TORONTO — Late-game dramatics. Post-season intensity. Even a dugout-clearing dust-up.
The Boston Red Sox and Toronto Blue Jays heightened their rivalry Wednesday in a 10-inning matchup between American League East teams who seem primed for a standings battle over the second half of the season.
Boston managed to avoid a three-game sweep by hanging on for a 6-5 victory at Rogers Centre. Matt Strahm (3-2) gave up two runs in the bottom of the 10th before getting George Springer on a flyout with runners in scoring position to end it.
"It's like playing playoff games every day," said Blue Jays manager Charlie Montoyo. "That's how it feels and that's all good. It's not going to stop."
Boston scored three runs in the top of the 10th as reliever David Phelps (0-2) issued two walks before hitting a batter to bring automatic runner Jackie Bradley Jr., home with the go-ahead run. Alex Verdugo tacked on a two-run double off Tim Mayza.
Santiago Espinal and Cavan Biggio drove in a run apiece in the bottom half but were left stranded as Boston (43-33) won for the eighth time in 10 games.
Verdugo also homered and Franchy Cordero had four hits for the Red Sox, who moved a half-game up on third-place Toronto with the victory. Springer hit a solo shot for the Blue Jays (42-33).
"We fell a little bit short but we're just going to keep fighting, keep getting after it and keep trying to win games," said Toronto starter Alek Manoah.
After starting a rally with a pinch-hit single in a walkoff victory a night earlier, Toronto catcher Alejandro Kirk helped get the offence going again in the series finale.
He drew a leadoff walk from Boston starter Nick Pivetta in the second inning and moved to second on a Raimel Tapia single. Espinal later drove in Kirk with the game's opening run.
Cordero tied it when he scored on a Rob Refsnyder sacrifice fly in the third. Tension rose in the bottom half of the frame after Pivetta hit Kirk in the left elbow with a pitch.
Vladimir Guerrero Jr., had some words for the Victoria native from the dugout and led the charge as the dugouts and bullpens emptied. The two squads mostly jawed with each other and Springer corralled Guerrero to help prevent things from escalating.
Kirk, one of the hottest hitters in the major leagues, stayed in the game.
"I don't know what the intents were," Montoyo said. "I won't be able to read their minds, I'm not that smart. I just know what I know but I keep it to myself."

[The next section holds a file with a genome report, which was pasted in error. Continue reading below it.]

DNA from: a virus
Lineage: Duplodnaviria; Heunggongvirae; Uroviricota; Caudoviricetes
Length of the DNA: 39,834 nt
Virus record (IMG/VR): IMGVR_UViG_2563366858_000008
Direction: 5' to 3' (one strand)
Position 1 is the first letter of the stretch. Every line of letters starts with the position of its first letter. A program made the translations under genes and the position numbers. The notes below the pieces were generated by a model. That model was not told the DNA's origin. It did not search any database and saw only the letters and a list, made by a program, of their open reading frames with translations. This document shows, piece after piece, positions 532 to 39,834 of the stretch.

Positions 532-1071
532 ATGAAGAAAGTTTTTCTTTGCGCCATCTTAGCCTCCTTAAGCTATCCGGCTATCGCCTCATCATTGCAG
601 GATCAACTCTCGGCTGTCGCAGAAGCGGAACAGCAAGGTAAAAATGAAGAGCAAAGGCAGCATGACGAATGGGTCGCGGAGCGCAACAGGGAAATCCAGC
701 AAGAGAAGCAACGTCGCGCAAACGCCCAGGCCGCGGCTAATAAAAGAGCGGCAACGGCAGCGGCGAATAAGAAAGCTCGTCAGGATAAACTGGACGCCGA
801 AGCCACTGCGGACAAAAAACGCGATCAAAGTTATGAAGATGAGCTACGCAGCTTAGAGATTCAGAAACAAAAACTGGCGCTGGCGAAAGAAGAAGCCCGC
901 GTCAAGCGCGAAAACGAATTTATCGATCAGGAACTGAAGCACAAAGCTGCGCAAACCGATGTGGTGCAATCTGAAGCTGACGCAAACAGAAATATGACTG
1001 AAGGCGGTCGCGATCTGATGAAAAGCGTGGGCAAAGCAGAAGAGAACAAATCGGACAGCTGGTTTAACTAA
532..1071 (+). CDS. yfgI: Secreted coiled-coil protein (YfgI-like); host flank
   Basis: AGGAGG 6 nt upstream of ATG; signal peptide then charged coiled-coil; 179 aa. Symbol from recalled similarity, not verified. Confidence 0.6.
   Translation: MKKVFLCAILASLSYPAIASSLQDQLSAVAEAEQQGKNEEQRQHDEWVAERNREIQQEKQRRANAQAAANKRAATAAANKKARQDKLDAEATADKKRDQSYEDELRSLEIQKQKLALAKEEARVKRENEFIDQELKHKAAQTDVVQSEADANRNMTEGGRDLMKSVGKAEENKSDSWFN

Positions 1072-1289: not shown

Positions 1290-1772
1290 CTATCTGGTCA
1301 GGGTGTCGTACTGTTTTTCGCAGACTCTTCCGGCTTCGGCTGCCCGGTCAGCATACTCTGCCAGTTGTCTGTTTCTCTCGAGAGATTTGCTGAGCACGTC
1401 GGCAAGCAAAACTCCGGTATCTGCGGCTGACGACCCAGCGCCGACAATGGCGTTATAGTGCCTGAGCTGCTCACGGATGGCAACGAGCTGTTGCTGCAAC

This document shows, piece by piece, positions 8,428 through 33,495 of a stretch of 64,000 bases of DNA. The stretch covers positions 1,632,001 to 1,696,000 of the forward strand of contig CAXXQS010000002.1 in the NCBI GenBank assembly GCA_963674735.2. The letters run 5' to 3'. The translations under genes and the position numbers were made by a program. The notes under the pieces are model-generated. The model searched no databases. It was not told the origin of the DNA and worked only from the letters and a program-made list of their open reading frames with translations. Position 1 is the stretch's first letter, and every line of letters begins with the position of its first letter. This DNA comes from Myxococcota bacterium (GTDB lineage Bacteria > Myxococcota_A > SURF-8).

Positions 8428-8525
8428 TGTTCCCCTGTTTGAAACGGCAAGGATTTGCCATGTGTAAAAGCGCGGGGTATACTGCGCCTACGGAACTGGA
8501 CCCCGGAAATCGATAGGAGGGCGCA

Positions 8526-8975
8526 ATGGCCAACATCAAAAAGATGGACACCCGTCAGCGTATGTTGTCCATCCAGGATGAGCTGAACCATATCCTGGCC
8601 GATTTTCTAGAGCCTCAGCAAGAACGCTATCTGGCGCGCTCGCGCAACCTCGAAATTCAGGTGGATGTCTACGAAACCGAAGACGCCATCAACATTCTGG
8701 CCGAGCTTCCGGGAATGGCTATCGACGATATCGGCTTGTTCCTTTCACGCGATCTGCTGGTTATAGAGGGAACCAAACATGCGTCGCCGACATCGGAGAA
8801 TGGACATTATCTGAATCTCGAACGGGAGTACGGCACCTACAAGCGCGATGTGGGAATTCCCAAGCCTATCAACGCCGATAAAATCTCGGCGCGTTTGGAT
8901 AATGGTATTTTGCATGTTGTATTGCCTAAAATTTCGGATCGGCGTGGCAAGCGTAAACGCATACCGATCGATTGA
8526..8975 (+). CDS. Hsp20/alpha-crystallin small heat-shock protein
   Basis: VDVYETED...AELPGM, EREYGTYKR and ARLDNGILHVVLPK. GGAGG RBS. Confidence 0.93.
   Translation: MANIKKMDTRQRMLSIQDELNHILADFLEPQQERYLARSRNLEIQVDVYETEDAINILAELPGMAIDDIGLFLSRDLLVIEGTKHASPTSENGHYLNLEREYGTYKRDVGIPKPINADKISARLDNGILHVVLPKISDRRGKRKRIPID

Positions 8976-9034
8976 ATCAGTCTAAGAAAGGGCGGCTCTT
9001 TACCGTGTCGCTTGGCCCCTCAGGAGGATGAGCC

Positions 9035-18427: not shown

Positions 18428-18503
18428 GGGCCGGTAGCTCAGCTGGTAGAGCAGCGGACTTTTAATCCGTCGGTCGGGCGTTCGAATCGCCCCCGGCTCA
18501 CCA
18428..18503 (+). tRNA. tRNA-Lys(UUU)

Toronto loaded the bases but Tapia struck out to end the threat.
"I don’t hit a lot of guys," Pivetta said. "I think it’s unwarranted the way they reacted. It’s not what I’m trying to do in that situation."
Springer put a charge into the announced crowd of 27,601 in the fifth inning with his 15th homer of the season. His defensive skills were in form, too, as he made a nice diving catch in the sixth on a sinking liner from J.D. Martinez.
Xander Bogaerts singled later in the frame and scored on Verdugo's sixth homer of the year.
Pivetta was pulled after issuing a leadoff walk to Biggio in the seventh inning. The Canadian was treated to a chorus of boos as he walked to the dugout.
Toronto pulled even in the eighth inning. Lourdes Gurriel Jr., hit a one-out double and pinch-runner Bradley Zimmer scored on a Tapia double off reliever Ryan Brasier.
The Red Sox had a runner on third base with one out in the ninth inning against Jordan Romano but he struck out pinch-hitter Bobby Dalbec and got Bradley on a flyout.
The game took three hours 54 minutes to play.
The probable pitchers for Toronto's upcoming five-game series against Tampa Bay have yet to be formally unveiled but manager Charlie Montoyo said Yusei Kikuchi was tabbed for the opener Thursday night.
Jose Berrios will pitch Friday and Kevin Gausman will start Saturday, although it wasn't determined whether he'd start Game 1 or 2 of the doubleheader.
Former Blue Jays catcher Russell Martin will be honoured during the pre-game ceremonies on Canada Day to recognize his impact on Canadian baseball.
The four-time all-star was born in Toronto and raised in Montreal. Martin played 1,693 big-league games over 14 seasons before retiring last month.
This report by The Canadian Press was first published June 29, 2022.
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Gregory Strong, The Canadian Press